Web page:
Toronto, January 29, 2010 – Due to an overwhelming outpouring of support from Canada’s major broadcasters, the Nature Conservancy of Canada (NCC) is proud to announce that A Force for Nature will be aired across the country. This 30 second PSA, invites Canadians to join NCC in helping protect ecologically significant habitat and our native biodiversity.
Narrated by CBC on-air personality and celebrated author Stuart McLean A Force for Nature will appear thanks to NCC’s generous broadcast partners CTV, Global, Rogers, Canwest, BNN, Channel Zero, Corus, CHEX-TV, CITL/Newcap TV, Sun-TV and the Weather Network. NCC plans to continue the campaign throughout 2010.
2010 is the International Year of Biodiversity, and people all over the world are working to safeguard this irreplaceable natural wealth and reduce biodiversity loss. With A Force for Nature, NCC and its broadcast partners are offering Canadians an opportunity to participate in this global issue on a local level.
“What we do is tangible; we like to say we produce results you can walk on. Its not only something that’s important today, its going to be there for our children, our grandchildren, and for generations to come,” says John Lounds, President & CEO, Nature Conservancy of Canada.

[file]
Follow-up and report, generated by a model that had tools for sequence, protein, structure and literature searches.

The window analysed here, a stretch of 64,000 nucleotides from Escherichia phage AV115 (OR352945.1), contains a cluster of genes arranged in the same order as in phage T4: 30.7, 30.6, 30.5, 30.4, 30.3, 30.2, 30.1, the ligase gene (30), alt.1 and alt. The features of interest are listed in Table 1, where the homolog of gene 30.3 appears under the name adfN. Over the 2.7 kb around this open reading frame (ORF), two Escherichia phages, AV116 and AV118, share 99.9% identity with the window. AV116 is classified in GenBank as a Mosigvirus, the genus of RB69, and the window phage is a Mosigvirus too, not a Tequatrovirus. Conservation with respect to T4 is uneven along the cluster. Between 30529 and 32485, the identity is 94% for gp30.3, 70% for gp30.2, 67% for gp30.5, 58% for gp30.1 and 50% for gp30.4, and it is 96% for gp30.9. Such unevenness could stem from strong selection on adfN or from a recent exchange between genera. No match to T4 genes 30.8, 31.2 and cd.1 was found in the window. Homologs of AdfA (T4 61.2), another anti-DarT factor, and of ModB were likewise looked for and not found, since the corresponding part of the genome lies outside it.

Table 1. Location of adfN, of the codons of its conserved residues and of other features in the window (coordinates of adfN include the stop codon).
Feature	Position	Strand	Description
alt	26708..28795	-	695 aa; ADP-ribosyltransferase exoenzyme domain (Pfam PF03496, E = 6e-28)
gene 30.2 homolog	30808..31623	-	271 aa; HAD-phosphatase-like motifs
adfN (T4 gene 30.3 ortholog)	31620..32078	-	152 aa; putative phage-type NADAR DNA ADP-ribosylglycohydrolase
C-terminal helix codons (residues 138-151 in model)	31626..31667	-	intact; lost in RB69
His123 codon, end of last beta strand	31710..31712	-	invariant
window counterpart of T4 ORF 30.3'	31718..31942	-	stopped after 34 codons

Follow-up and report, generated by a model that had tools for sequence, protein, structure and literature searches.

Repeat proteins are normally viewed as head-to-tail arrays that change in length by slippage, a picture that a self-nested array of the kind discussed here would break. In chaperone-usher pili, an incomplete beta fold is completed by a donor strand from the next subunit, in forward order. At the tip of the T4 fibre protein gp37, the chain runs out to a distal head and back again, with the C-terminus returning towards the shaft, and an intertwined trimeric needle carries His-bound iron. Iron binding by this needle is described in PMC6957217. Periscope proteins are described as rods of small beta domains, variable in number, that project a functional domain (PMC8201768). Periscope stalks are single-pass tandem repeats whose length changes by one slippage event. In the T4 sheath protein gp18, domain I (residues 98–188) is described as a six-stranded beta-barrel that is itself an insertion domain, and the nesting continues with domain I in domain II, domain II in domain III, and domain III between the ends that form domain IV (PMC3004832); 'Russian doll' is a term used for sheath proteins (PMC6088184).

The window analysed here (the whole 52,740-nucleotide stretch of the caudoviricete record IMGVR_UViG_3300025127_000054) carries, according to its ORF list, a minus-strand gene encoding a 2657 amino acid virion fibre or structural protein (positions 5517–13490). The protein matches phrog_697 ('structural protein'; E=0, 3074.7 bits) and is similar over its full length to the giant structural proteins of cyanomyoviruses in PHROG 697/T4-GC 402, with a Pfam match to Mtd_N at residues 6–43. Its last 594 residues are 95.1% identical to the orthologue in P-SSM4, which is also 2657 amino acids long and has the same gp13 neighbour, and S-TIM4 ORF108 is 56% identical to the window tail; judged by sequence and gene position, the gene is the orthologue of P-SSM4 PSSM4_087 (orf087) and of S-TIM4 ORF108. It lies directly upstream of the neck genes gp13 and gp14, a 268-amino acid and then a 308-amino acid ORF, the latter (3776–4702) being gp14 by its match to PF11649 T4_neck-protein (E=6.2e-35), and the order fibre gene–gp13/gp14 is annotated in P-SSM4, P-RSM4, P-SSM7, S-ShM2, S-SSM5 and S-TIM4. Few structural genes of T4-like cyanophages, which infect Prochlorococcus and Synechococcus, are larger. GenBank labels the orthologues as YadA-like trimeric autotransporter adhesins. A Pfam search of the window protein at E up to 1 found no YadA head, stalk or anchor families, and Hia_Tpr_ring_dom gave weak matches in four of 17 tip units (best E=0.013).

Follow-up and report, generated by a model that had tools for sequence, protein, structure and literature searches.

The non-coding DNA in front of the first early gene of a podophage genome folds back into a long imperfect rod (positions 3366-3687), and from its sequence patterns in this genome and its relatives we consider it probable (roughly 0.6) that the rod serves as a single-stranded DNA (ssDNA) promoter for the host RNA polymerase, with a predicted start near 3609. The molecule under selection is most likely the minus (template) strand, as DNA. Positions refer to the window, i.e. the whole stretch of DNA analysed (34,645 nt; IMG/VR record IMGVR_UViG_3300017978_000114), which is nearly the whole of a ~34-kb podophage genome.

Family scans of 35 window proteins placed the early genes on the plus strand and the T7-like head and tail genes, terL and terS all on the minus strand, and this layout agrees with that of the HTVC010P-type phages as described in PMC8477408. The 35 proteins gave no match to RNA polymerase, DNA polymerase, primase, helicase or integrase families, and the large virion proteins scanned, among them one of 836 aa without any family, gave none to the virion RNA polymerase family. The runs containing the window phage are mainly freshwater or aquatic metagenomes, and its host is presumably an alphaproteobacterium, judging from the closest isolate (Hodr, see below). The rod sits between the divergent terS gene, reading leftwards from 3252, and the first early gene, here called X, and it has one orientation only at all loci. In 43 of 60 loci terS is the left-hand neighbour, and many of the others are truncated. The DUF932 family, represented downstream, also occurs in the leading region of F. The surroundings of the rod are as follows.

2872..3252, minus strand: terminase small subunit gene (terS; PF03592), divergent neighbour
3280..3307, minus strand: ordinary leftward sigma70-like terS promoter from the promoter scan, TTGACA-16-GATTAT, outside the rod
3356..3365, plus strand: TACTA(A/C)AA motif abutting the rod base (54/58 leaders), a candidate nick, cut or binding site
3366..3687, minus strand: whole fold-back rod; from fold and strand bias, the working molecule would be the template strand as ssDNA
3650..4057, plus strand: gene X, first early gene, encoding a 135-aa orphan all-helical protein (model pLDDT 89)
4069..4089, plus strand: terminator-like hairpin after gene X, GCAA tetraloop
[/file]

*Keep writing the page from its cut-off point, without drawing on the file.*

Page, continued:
2010 has been declared the International Year of Biodiversity by the United Nations. Human activity is causing the diversity of life on Earth to be lost at greatly accelerated rates that are often irreversible.
13 species have already gone extinct in Canada – gone forever – and hundreds more are officially listed by the federal government under the Species at Risk Act (SARA).
Habitat loss is the greatest factor impacting global biodiversity. It is a main threat to 85 percent of all species classified as endangered or threatened in the IUCN Red List.
Across North America, populations of once common birds such as the Lark Sparrow, the Grasshopper Sparrow and the Loggerhead Shrike have dropped by more than 60 percent over the last four decades.
Close to 70 percent of the North American grasslands are gone; and there is less than one half of one percent of Manitoba’s Tall Grass Prairie left.
Only one herd of Mountain Caribou remains in the South Selkirk Mountains and it has less than 50 members. This is the only herd that travels south into the United States.
Last year, NCC protected more than 90 properties for a total of 174,351 acres.
The Nature Conservancy of Canada is Canada’s leading land conservation organization. Since 1962 we have helped to protect more than 2 million acres of ecologically significant land nationwide. http://www.natureconservancy.ca